So, that’s really important. I think it’s important to recognize that in the Garden of Eden, in God’s perfect creation, there would’ve been no neurodiversity in terms of anything. You wouldn’t need any kind of clinical designations in the Garden of Eden. That means, we trace that diversity to the Fall. As I said already, there’s a sense of which given the doctrine of sin, every single one of us is on some spectrum, because every one of us has had our own neurological system and our own thinking very much affected by sin, but there are persons who, even according to a secular norm, have particular challenges, or particular sensitivities. I have a friend who has a child who has just extreme sensitivities to all kinds of things and including labels in the back of the shirt and anything. You recognize, “Okay, some of this is quite manageable.” There are other parts of it that’d be less manageable. That doesn’t make any individual, any less made in God’s image. So once again, I appreciate the question. Matt, you should share with me what you think as you write this paper.

Part III

Should Christians Watch Sports? — Dr. Mohler Responds to a Letter from Listeners of The Briefing

The next question comes from Timothy. He says, “I’m a young man living in Texas where football is the dominant religion.” He says, “Many of my Christian friends are very invested in watching sports, but I really don’t care for it. I feel like I’m missing this point of connection with many of the guys in my church, but I also feel like watching sports is kind of a waste of time.” He starts out by simply asking, “Should Christians watch sports?” Okay, fair question, Tim. I’m simply going to tell you I am with you in this. I don’t think anyone listening to The Briefing is shocked by the fact that I don’t know a great deal about sports. I’m not a great sports fan, so people close to me would be shaking their head thinking, “That’s not even fully honest.” So, let me just be fully honest. I’m kind of with you in this whole equation. 

But let me just think here as a Christian thinking through Christian history, thinking in biblical terms. Let me just point out that you take the New Testament. In the New Testament, the Apostle Paul uses sports metaphors. The Apostle Paul speaks of running a race, and the background to this is the, of course, classical Olympic Games, and that’s well understood. It has to be informative to us at least, that certain forms of athletic competition are absolutely mentioned in Scripture as if they’re just normal, and a part of human endeavor, and a part of what Christians can be involved in without any taint of the world.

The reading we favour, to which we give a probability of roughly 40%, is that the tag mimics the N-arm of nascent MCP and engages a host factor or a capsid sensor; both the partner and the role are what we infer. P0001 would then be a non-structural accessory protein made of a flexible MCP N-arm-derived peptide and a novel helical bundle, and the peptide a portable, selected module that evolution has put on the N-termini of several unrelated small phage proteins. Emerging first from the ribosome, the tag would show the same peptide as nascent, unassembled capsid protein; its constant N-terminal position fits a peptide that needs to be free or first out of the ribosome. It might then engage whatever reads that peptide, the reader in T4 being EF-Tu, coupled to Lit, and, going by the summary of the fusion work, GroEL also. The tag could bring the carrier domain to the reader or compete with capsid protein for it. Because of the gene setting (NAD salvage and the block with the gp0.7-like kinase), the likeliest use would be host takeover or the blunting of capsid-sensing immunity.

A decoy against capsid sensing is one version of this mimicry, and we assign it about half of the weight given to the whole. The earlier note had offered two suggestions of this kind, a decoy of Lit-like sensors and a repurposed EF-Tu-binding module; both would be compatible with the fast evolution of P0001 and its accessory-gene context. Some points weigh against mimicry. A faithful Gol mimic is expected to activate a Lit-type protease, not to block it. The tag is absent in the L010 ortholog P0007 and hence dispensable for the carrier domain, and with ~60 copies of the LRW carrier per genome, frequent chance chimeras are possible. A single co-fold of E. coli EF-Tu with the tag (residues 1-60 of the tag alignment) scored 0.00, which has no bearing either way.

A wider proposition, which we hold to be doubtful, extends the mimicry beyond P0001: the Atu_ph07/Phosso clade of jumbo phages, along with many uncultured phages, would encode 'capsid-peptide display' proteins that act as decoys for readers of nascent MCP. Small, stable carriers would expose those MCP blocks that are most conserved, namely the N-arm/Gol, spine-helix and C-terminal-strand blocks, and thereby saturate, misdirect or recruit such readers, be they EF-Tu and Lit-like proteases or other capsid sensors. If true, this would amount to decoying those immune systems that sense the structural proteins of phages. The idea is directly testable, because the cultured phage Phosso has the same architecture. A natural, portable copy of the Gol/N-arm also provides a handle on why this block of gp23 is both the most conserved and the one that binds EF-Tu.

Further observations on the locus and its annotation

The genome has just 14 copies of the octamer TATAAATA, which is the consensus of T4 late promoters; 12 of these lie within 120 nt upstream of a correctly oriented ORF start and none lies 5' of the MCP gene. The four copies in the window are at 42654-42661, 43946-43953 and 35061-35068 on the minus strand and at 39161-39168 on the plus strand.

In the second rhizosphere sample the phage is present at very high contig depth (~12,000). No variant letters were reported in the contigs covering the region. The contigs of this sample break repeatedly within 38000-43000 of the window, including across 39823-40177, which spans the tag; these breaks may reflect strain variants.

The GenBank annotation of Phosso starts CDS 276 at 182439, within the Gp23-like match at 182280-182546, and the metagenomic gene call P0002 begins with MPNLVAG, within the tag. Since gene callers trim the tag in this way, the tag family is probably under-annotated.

So, you have an athlete. The one who is the athlete must compete according to the rules. Life itself and ministry is presented as a long race, and so   that’s used. At the same time, early Christians came to the determination that it was morally wrong to attend the games of the Coliseum and many of the games that were popular in the high watermark of the Roman Empire, which frankly were very carnal and ungodly, and in some cases absolutely immoral, and even murderous. So, you look at that, Christians said, “You can’t do that, but you can do this.” 

And God’s given us different interests and different abilities, and so you asked, “Should Christians watch sports?” I just want to say that’s the same that would be related to almost any other endeavor. Sports can bring out the best. They can bring out the worst.

I know many people who have said their participation in team sports was used by God absolutely to forge their character and their ability. That can’t be wrong in and of itself, just because it appears to be a part of human endeavor, and human activity that like so many other things, like business, is to be done by Christians according to Christian convictions and to the glory of God. We know what is the good, the bad and the ugly in this. But Tim, I guess the other thought I have is this. Sometimes you may be called upon to watch sports with some brothers in Christ. You’re not particularly interested in the sporting event, but you are interested in them, and you’re invested in each other’s lives. Sometimes, that commonality is just really important, because hopefully there’s more to it than just watching the game. My guess is you already know that.